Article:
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Monday, November 23, 2009

Realty bites: REALTORS waking to trade association's misinformation

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        I didn't think anything could get me to watch even 10 seconds of the Glenn Beck show again.  How ironic that it was a Beck rant about misinformation that compelled me to undergo visual root canal just one more time.

        Beck did a four-minute piece on his TV show in 2008 that charts National Association of Realtors predictions about the housing market against reality.  It is well-handled and must watching for any REALTOR, and interesting for the rest of us.  In short -- and you can watch it for yourself here -- Beck's timeline shows clearly that when an NAR chief economist pours forth words of optimism, the market tanks. A few times is a mistake; a long pattern of mistakes is something more than stupidity.

        First it was David Lereah, who may have been more selfish than stupid, since he was hyping the market through the NAR

If you bet your bottom dollar on NAR predictions, you may be reading this from the ledge of a tall building.

bullhorn while he was selling "Are You Missing the Real Estate Boom," his book about how to profit by buying real estate.  It hit the bookshelves in 2005, just before the market began to unravel; anyone who followed its advice is a pauper today.  Lereah passed the baton to protégé Lawrence "Little Orphan Annie" Yun, whose quarterly renditions of "The Sun'll Come Out Tomorrow" have brightened the days of absolutely no one in his first two years in charge of the bullhorn.  Indeed, if you bet your bottom dollar on the NAR economists' advice, you are likely reading this from a breadline somewhere, or the ledge of a tall building.

         Most of the 1.3 million REALTORs have acted like loyal Moonies to the monolithic NAR, regardless of how obvious the economic jive has been.  Dues in the hundreds of dollars give agents permission to use capital letters in their titles.  The REALTOR designation, they believe, brings a certain luster that puts them at an advantage over non-affiliated agents like your editor, who would rather spend the money on a round of golf at Pebble Beach (although not until the market stabilizes). 

        Now, finally, REALTORS and those who watch the industry are calling for the NAR to get REAL.  One Connecticut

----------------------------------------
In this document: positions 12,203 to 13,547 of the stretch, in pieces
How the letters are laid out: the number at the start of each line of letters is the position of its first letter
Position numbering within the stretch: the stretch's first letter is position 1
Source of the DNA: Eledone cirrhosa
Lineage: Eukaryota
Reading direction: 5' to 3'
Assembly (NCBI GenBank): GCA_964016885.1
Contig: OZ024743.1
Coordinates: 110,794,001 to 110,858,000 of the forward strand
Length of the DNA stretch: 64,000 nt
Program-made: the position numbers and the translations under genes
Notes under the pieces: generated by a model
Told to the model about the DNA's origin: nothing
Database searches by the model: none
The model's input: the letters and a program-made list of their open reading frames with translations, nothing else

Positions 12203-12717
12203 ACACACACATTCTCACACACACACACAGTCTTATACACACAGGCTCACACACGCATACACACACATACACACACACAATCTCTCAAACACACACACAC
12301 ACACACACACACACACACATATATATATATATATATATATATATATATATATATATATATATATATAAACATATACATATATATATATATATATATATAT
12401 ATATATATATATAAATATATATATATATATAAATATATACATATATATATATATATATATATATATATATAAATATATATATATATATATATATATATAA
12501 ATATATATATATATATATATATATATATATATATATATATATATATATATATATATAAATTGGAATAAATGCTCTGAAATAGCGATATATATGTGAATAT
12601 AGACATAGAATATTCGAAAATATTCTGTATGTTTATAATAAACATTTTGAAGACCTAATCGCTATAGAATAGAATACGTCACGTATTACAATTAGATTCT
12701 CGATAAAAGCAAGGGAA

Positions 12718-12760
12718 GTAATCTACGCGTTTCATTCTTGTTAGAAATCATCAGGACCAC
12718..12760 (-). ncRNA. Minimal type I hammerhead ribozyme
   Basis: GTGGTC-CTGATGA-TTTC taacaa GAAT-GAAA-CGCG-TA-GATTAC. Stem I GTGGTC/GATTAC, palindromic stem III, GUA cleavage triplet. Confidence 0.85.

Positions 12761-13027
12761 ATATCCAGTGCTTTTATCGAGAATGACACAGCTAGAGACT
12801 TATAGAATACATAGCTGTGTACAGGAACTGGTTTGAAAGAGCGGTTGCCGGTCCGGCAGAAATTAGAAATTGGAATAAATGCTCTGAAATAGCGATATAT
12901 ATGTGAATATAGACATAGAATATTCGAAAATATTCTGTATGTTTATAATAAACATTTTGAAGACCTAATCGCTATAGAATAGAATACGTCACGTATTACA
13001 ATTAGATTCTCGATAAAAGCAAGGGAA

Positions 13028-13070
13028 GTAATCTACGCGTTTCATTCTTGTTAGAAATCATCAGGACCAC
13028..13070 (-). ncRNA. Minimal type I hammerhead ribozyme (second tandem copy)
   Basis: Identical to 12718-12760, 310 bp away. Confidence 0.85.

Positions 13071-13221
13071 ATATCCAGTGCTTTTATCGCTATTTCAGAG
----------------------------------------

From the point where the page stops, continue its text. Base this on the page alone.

"I better run out and buy a house before they're all gone," wrote one commenter.

REALTOR, Linda Davis, who attended the NAR annual meeting in San Diego last week, wrote that Lawrence Yun's prediction of a 4% rise in home prices and 15% increase in sales in 2010 was "sunshine and lollipops." (Read her full comments here).  Another blog site, Wallet Pop, wrote that, "Lawrence Yun has never been right about anything."  A short comment at the Wall Street Journal's "MarketWatch" site, according to Ms. Davis' post, probably put it best:  "I better run out and buy a house before they're all gone."

        NAR rakes in from its members well over $300 million in revenues each year.  That buys a lot of influence in Washington and state legislatures, but the organization should put a little aside to purchase an honest economist.  Its members deserve at least that.

Read 3227 times Last modified on Monday, 23 November 2009 04:21
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Larry Gavrich

This blog was conceived and is published by me, Larry Gavrich, a former corporate communications executive who founded HomeOnTheCourse, LLC, in 2005.  Our firm advises baby boomers and others seeking a lifestyle in which golf is a major component.  My wife Connie and I own a home in Connecticut (not on a golf course) and a condo at Pawleys Plantation in Pawleys Island, SC, on a Jack Nicklaus layout.  We began our search for our home on the course more than 15 years ago, and the challenges of the search inspired me to research golf communities and write objective reviews of them.

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